Its is disappointing to learn that an artist with so many Black fans and has such a huge media presence can make such an outlandish comments.  Even in a drunken state, his words have a profound effect. But there are a few facts that Mr. Caesar fails to realize: 1) The criticism that YesJulz is facing is not to be mean, but to make her realize that her comments and actions offend a large number of people within society and could lead to negative societal effects. 2) Associating the “winning team” with race is absurd. It is true that most executives and producers within the entertainment industry are White however, to connect their race with success and ignore the success and struggles of Black and other minorities within the industry is wrong

     Other celebrities (Waka Flocka, Tammy Rivera),  have reacted to Daniel Caesars comments stating that because he is Canadian he may not understand the struggles Black people face in America. But discrimination is something that is faced all over the world, not just in America. It is how people respond to discrimination that makes a difference. Hopefully, this is a learning experience for Mr. Caesar, that its important to understand the cultural and political climate in another country before making such strong comments. Most importantly, Daniel Caesar should understand that in the fast-paced, get-famous-quick world that we live in, the same support that was used to build his musical profession can easily be turned into opposition that ruins his career.

The Runaway Slave Game

Recently a Virginia Elementary School was criticized for allowing students to play a game where students pretended to be runaway slaves while navigating an obstacle course meant to represent the Underground Railroad. To add to the disappointing news, an African American student was designated as the “slave” for the game.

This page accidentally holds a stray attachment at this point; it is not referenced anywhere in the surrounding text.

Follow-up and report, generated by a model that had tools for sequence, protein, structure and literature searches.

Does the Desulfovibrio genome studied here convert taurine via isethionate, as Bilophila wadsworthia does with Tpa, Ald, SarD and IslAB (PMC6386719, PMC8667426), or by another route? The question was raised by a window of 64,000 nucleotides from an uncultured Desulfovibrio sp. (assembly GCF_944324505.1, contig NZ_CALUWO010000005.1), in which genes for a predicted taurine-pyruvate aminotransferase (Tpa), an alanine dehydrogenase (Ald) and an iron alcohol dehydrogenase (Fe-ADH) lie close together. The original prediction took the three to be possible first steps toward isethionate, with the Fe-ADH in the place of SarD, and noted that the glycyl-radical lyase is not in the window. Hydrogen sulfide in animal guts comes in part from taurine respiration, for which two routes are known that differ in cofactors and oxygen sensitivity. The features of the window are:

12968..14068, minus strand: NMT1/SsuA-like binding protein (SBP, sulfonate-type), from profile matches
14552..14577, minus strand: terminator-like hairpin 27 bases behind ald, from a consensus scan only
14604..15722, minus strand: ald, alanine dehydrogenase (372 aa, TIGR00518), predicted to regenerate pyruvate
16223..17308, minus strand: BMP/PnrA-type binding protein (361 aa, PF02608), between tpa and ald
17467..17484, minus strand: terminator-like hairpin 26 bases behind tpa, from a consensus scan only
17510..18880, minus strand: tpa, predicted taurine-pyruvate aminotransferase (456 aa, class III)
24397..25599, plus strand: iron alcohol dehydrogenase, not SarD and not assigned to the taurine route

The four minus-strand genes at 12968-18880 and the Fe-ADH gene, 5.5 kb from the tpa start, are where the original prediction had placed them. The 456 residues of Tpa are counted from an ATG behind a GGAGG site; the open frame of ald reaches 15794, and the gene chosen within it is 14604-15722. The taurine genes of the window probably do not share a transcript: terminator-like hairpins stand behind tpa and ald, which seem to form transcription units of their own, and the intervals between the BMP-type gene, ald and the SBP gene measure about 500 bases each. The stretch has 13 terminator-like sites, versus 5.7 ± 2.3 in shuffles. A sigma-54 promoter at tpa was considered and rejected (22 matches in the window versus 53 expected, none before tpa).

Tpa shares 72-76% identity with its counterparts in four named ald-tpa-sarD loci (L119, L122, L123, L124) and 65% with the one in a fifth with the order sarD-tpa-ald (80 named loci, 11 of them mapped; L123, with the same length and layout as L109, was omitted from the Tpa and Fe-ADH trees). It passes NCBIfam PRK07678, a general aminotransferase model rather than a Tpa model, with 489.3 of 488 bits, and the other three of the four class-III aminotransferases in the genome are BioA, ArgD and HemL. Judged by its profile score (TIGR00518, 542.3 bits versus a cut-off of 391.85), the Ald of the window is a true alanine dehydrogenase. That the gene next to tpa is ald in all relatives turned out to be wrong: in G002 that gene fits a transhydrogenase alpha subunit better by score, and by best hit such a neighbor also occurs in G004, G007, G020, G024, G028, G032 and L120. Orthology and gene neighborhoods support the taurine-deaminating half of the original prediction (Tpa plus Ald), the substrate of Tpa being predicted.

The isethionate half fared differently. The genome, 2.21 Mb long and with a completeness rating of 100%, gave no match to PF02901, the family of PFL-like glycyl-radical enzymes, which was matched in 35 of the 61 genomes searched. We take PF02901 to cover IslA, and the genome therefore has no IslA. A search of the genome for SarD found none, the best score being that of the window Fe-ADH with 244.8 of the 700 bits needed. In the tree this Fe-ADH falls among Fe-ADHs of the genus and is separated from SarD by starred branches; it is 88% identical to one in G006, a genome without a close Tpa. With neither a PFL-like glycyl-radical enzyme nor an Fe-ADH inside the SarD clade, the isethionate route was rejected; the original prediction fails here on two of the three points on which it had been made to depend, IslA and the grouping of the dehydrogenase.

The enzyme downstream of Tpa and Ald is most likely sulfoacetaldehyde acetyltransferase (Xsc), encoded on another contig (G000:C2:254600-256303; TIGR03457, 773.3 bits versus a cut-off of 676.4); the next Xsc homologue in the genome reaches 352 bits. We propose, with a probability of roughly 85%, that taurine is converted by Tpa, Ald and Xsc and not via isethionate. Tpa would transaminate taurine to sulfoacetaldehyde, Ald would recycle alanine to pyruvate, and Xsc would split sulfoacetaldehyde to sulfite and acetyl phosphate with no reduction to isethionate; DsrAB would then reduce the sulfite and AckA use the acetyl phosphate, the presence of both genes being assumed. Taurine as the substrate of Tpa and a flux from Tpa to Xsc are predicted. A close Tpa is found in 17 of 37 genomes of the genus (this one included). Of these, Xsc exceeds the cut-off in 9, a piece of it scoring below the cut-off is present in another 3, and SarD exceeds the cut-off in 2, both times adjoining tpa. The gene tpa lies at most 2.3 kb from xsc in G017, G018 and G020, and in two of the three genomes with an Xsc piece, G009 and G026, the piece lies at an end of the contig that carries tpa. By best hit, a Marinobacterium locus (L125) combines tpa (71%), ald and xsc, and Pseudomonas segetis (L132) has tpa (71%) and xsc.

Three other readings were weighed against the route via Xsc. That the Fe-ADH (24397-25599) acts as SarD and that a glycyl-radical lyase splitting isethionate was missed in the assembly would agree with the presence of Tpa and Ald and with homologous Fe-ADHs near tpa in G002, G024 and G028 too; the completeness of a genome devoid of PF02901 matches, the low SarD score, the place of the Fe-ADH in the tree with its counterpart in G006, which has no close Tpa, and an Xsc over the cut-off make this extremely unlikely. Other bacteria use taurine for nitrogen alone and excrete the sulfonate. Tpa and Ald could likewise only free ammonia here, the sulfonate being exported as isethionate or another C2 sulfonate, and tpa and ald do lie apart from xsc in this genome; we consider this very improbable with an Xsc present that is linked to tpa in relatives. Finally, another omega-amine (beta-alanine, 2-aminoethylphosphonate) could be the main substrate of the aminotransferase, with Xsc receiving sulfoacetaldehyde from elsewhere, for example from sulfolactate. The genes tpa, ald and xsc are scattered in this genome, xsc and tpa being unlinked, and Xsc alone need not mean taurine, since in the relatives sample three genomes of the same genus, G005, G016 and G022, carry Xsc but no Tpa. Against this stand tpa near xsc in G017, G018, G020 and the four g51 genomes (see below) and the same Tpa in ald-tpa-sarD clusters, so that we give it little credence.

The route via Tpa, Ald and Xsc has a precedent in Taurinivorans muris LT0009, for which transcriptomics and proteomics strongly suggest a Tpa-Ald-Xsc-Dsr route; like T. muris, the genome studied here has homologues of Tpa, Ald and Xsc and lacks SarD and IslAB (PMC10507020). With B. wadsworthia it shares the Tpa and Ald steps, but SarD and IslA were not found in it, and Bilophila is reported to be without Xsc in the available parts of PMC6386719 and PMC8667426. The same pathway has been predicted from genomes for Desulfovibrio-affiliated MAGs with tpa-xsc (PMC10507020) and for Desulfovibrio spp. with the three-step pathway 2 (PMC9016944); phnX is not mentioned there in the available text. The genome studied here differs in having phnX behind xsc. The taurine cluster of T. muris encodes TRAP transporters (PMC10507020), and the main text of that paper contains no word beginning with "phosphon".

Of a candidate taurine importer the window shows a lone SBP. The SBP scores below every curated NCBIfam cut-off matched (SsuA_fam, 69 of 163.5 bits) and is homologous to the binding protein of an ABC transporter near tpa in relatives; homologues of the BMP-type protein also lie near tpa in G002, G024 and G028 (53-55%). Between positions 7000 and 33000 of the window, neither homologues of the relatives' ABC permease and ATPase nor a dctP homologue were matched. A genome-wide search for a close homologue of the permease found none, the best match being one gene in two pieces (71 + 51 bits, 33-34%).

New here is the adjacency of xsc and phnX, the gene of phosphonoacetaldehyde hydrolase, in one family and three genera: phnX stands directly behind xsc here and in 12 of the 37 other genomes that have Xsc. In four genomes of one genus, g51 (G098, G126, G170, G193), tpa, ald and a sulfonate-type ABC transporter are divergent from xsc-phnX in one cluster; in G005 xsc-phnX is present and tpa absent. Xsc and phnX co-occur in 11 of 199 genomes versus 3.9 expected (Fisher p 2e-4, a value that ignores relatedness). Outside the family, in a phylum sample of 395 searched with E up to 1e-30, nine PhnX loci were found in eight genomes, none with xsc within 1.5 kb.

There are many obvious wrongs within this scenario, but what really stands out the most is the miseducation of slavery that the school was teaching the students. Instead of learning about the serious subject matter of the historical enslavement of Africans within the classroom, the school officials made mockery of the historical subject with a game.

Although the school has sent a letter following the incident apologizing for the event that transpired, more needs to be done in regards to the teaching of such subject matter. A suggestion for the educators that allowed for the “Runaway Slave Game” to occur would be to undergo a cultural competency course that would encourage the appropriate manner of teaching young children about slavery.

Racism Continues to Find Its Way Through the Fashion Industry

By: Adebola Bamidele

Recently, the international brand Gucci went under fire for their release of a wool Balaclava Jumper sweater featuring a Caucasian model wearing the sweater slightly up to her nose with bright, red lips surrounding a slit where her mouth pokes through. It was quite obvious to many individuals that the piece of clothing was offensive because the sweater gave off the impression of blackface (makeup and materials used to make a nonblack performer play a black role). The clothing brand has recently apologized on its social media platform, but the picture has gone viral since its release date and has many individuals upset. While in the midst of trying to rectify their brand, Gucci posted a picture of a Black woman holding one of their purses above her head. Other brands in the past such as H&M and Prada have also undergone scrutiny due to their racial products.

It’s unsettling to know that there are individuals on the design team that sat around and decided to create a sweater with previous racial ties. Many African American celebrities have stepped forward and have stated that they will be boycotting designers that have incorporated racist elements in their brands. The same celebrities also are asking their fans and supports to buy from underrepresented designers that they believe are not offensive.

In the future, it would be good to see more diversity in the design planning room, that way more brands avoid having to deal with racial issues. It would also be nice to see more celebrities or individuals of influence who are courageous enough to call out brands they believe are discriminatory to their fans.